“I ask no favour for my sex, all I ask of our brethren is that they take their feet off our necks.”
Ruth Bader Gingsburg, iconic American lawyer and current Associate Justice of the Supreme Court of the United States, uttered these smashing words during her legendary drive in the early 1970’s for women equality and justice. A firm practitioner of judicial remediation, she believed that protests and demonstrations are important, but the notion of bringing about a cultural change would fall on its feet if the law never changed.
In India too, a significant change is underway. Ever since the Naz Foundation raised the issue of Section 377 in the Delhi High Court, in 2001, seeking progressive legislation on homosexual intercourse between consenting adults, there has been a rally of support in favour of the legislation, something that at times was uplifted by the courts. In 2009 the Delhi High Court decriminalised sex between consenting adults of the same gender by holding the penal provision as “illegal” in its rightful nature. However it later saw its judgment overturned in 2013 by the apex court, amidst a surge in right wing populism and ideologies as it wholeheartedly dismissed the review plea against which the curative petitions were filed.
What happened last year in the month of November raised serious questions around the fidelity of the system at a national level. A bench headed by Justice J. Chelameshwar investigated alleged corruption among higher members of the judiciary. It dampened a long held spirit of trust in the judiciary which the citizens of India profoundly wore on their shoulders. This happened months after the country seemingly saw a stream of constitutional victories, one which most importantly declared privacy as a fundamental right and found questioning what two people do in the realms of their own house a serious violation of that.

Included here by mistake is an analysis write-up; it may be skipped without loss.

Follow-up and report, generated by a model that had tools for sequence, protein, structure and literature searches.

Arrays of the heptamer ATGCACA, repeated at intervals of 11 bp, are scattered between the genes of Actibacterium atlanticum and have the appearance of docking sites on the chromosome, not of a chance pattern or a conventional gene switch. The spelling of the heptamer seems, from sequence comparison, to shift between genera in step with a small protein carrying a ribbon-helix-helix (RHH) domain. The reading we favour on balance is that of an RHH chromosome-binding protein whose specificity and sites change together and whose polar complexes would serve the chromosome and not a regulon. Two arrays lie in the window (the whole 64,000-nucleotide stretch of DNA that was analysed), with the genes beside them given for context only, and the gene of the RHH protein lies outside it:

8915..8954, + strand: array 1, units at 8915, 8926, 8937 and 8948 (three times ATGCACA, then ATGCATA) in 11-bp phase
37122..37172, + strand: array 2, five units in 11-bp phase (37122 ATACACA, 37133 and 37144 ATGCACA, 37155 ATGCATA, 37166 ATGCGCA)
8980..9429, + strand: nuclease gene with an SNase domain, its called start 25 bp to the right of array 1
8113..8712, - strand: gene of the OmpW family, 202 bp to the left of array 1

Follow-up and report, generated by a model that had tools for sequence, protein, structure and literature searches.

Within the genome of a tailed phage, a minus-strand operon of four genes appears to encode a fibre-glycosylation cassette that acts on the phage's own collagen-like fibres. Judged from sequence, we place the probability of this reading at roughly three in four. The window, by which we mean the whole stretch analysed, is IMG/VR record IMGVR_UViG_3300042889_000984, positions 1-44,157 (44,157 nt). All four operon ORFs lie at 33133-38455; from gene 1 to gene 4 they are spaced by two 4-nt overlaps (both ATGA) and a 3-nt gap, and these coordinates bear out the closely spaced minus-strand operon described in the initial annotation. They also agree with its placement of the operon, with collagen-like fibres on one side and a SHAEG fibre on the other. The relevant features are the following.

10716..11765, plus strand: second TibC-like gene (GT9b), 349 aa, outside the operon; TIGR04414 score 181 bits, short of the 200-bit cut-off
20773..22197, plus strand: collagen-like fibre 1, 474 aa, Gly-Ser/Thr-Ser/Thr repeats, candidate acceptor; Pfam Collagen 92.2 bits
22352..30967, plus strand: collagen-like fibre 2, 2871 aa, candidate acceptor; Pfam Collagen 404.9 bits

Now that the judiciary has seemingly scrapped Section 377, what we need to pay close attention to is the literature and the context it set before proceeding with the judgement. Its usage of words and phrases like, “Look for a rainbow in every cloud” and “No one can escape from their individualism, society is now better for individualism” are signs that we can now hope for a reformed judicial attitude which perhaps doesn’t look at berating the transcending phase that our nation collectively has been riding for a while. The decision is a strong statement that will resonate within the ecosystem of religious fundamentalists who misinterpret sexuality, and believe that majoritarian thinking can be imposed here.
Hopefully this act is not another throw of the dice by the government, which was carefully orchestrated towards galloping votes from the liberal counterparts, which, in the end, doesn’t manifest into implementation when the system is again faced with issues that disrespect the law completely.
When 2013 saw a rise in conservative nationalism, Section 377 was upheld. But now that the government of India has come under severe scrutiny for its activities practiced in the name of nationalism, it is perhaps again looking at capturing the nation’s attention and the growing informed population by doing something historic.
All we can now hope for is perhaps that this decision becomes a stepping stone that encourages progressive policy making and development. A lot of deadwood colonial-era laws need to go, and when years later they are abolished we may very well look back to this date in history and ponder on how it inspired everything.